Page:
On the other hand, if my Power Burst Training method produces incredible results for you, I want you to not only
write and tell me about it — but tell your friends too!
    Even if you do decide to stop the program or send for a refund, I want you to keep the $500 weight training video
program for your faith in me now.

                                                      — Leo Costa Personal
                                                       Weight Trainer



    Here is the most liberal guarantee I've ever written (or seen):

                                     Jay Abraham's Totally Risk-Free 100%
                                       Money-Back Double Guarantee...

        Purchase as many sets of transcripts as you like. Read them over thoroughly (perhaps several times
    each). Then, take the ideas you get from them and immediately put them into action.

        If you discover that the ideas you use don't pay off, you can get a refund of every penny you paid up to
    nine months after you order your transcripts! That's right, TAKE NINE MONTHS TO DECIDE IF
    THEY'RE ANYGOOD OR NOT!

        Or, if you read Jay's consultation transcripts and you feel right away that the information isn't useful or
    appropriate for your situation — and you honestly can't use any of the ideas you get from it — Jay will
    refund your entire purchase price on the spot. No questions asked. No hard feelings, either.

        And here's the best part: Even if you do decide to ask for a refund, Jay will send you Gary Halbert's
    Advertising Brainstorming Transcript (valued at $2,500) absolutely FREE. Why such a generous
    guarantee?
        It's Jay's way of assuring you that—in the.remote possibility that your business is so unique or difficult that
    not even his principles can help you—you won't have to pay for something you can't use. Jay is purely
    "performance based," and if you honestly can't benefit from what he teaches or advises, he doesn't want
    your money. It's that simple.
        However, you'll never know until you try. That's why he's giving you nine months to validate his
    concepts — beyond any question — not that they merely can help you make money, but that they do help you
    make money. If they don't, you're not out a dime. Instead, you get a $2,500 bonus just for your trouble!

        He can't possibly be any fairer. 100
            J AY A BR AH AM ' S M AS T ER M I ND M AR KET I N G P R OG R AM




    Before you get scared about reversing the risk to your customers, let me tell you this irrefutable fact...

    When a company reverses the risk and assumes the risk for the customer—double or triple sales increases are
often the result. Yes, a few customers will take advantage of your guarantee. But, as a rule, so many more people will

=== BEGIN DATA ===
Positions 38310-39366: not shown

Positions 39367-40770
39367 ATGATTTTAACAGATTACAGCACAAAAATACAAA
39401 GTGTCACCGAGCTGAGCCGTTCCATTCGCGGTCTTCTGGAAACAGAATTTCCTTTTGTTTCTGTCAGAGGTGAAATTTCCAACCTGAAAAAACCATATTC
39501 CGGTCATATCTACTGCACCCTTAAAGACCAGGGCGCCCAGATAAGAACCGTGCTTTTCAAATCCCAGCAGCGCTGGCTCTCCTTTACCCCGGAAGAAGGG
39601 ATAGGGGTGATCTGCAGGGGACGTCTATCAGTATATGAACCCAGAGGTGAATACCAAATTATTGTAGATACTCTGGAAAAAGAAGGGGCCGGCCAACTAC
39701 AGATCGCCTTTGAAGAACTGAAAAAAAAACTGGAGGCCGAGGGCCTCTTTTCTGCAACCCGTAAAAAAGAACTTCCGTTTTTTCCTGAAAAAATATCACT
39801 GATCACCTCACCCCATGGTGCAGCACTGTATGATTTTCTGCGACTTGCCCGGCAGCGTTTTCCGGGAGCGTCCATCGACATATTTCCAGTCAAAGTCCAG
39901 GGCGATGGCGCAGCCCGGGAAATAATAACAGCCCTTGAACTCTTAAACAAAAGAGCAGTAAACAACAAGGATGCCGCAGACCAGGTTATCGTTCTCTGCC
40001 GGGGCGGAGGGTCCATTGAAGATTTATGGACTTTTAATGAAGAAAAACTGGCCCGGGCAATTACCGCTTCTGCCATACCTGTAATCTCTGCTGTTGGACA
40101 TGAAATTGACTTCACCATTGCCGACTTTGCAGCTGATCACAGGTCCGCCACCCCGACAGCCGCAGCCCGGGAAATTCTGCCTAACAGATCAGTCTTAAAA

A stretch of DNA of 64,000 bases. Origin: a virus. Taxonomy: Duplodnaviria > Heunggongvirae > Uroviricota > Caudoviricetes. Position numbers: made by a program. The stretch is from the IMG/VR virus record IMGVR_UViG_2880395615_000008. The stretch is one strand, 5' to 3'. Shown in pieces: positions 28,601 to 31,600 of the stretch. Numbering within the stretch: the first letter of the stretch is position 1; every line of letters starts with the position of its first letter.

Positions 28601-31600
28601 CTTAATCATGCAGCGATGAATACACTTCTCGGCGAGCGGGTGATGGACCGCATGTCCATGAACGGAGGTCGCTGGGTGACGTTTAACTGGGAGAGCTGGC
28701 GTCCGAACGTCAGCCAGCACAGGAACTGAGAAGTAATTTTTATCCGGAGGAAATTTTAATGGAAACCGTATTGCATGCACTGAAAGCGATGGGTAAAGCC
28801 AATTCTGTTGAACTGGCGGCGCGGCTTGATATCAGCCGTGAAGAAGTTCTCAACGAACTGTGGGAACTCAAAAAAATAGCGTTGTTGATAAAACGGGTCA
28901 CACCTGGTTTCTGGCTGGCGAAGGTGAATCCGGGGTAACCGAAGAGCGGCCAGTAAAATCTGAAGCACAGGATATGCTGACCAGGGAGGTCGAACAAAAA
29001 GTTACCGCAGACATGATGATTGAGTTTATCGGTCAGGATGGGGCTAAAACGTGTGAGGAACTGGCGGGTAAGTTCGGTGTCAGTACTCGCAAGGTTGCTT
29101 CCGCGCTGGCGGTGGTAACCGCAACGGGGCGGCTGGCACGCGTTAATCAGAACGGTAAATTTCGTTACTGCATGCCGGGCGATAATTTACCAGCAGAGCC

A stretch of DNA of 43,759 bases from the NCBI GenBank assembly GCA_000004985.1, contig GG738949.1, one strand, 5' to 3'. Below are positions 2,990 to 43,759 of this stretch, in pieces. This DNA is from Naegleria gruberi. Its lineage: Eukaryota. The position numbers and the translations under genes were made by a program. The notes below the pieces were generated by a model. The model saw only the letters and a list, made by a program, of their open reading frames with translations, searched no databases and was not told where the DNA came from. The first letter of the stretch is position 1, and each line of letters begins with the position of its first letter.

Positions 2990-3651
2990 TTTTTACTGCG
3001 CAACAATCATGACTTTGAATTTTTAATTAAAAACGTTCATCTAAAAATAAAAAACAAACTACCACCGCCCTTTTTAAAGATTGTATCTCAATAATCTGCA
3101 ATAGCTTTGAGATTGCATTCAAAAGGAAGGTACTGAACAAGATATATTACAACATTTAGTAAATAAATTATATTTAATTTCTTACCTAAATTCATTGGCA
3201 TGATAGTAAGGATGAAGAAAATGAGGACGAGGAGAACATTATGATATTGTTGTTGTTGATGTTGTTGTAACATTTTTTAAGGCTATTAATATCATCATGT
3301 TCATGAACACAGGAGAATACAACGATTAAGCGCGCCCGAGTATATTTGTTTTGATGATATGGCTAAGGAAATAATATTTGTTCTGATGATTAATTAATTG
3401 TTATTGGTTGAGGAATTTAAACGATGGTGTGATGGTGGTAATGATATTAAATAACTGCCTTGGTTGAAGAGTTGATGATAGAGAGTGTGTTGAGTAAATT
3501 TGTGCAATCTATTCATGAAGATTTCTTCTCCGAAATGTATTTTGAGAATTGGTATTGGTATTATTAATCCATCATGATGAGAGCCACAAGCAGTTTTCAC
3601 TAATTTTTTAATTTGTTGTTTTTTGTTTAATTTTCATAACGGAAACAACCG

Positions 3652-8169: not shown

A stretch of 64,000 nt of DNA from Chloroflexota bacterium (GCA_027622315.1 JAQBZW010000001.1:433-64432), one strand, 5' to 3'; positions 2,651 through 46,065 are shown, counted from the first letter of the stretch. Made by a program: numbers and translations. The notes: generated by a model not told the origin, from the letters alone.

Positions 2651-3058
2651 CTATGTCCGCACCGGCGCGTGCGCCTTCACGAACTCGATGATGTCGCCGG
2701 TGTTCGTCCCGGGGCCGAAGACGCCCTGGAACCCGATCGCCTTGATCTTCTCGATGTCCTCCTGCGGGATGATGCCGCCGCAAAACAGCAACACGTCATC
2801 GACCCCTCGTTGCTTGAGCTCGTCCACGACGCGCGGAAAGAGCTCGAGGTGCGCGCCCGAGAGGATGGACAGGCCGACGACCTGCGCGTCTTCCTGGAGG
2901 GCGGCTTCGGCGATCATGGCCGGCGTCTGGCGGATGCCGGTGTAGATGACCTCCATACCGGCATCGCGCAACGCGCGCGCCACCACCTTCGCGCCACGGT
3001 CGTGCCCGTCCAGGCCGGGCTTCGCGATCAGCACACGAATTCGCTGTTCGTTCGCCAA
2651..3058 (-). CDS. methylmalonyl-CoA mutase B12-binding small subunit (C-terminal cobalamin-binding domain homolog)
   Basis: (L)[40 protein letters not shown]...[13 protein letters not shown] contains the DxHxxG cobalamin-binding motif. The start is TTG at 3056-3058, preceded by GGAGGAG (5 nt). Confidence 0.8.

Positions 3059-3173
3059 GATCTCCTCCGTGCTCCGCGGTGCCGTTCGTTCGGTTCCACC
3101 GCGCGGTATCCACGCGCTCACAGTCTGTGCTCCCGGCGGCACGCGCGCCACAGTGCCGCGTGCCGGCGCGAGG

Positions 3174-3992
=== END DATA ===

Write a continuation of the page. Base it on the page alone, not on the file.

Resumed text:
buy from this strategy of reversing the risk, that the refund levels are virtually unimportant. Even if you do get refund
requests, it's easy to turn those requests and complaints into compound profits.
    Here's just one example (one I've used several times very successfully) of how you can actually create a new
profit center around your customer requests...

     Through an inexplicable maneuver (and though I usually demand that my clients' products and services are
absolutely top-quality and well-respected), I once took on a "quick-fix" consulting client whose product was of
incredibly poor quality. In fact, he was getting almost more returns and refund requests than he was making in sales. He
was really in trouble.
     I decided to craft a very nice letter that apologized so unreservedly for the poor quality of the product that
customers couldn't help but be impressed at our sincerity. But what made this letter really successful was that we
offered to make up to the customer for the ill will they felt toward us by giving them incredible savings on similar and
kindred products from sources we had negotiated incredible wholesale prices from.

     We invited the customer to simply telephone us and tell us what product they had selected, we would have it
shipped out immediately and adjust their account accordingly—refunding the difference or billing their charge card the
slight additional amount.
    The customers loved us. They got rid of the terrible purchase they had made and they got to purchase the top-
quality products they really wanted. Everybody (including my client) won something out of the deal.
    Of course, if the customer was dead-set on getting a complete refund, we happily sent it to them. But so many
people took advantage of the discount pricing on the other products, we ended up making more from our refund
requests than we did off the original product!

                           Marketing Technique #6: Bump and Upsell
     I almost laugh at this technique. It's so easy, effective and a veritable "no-brainer," that it's amazing so few
people employ it. If you offer every customer you sell a better or added deal right at the point of sale—like a larger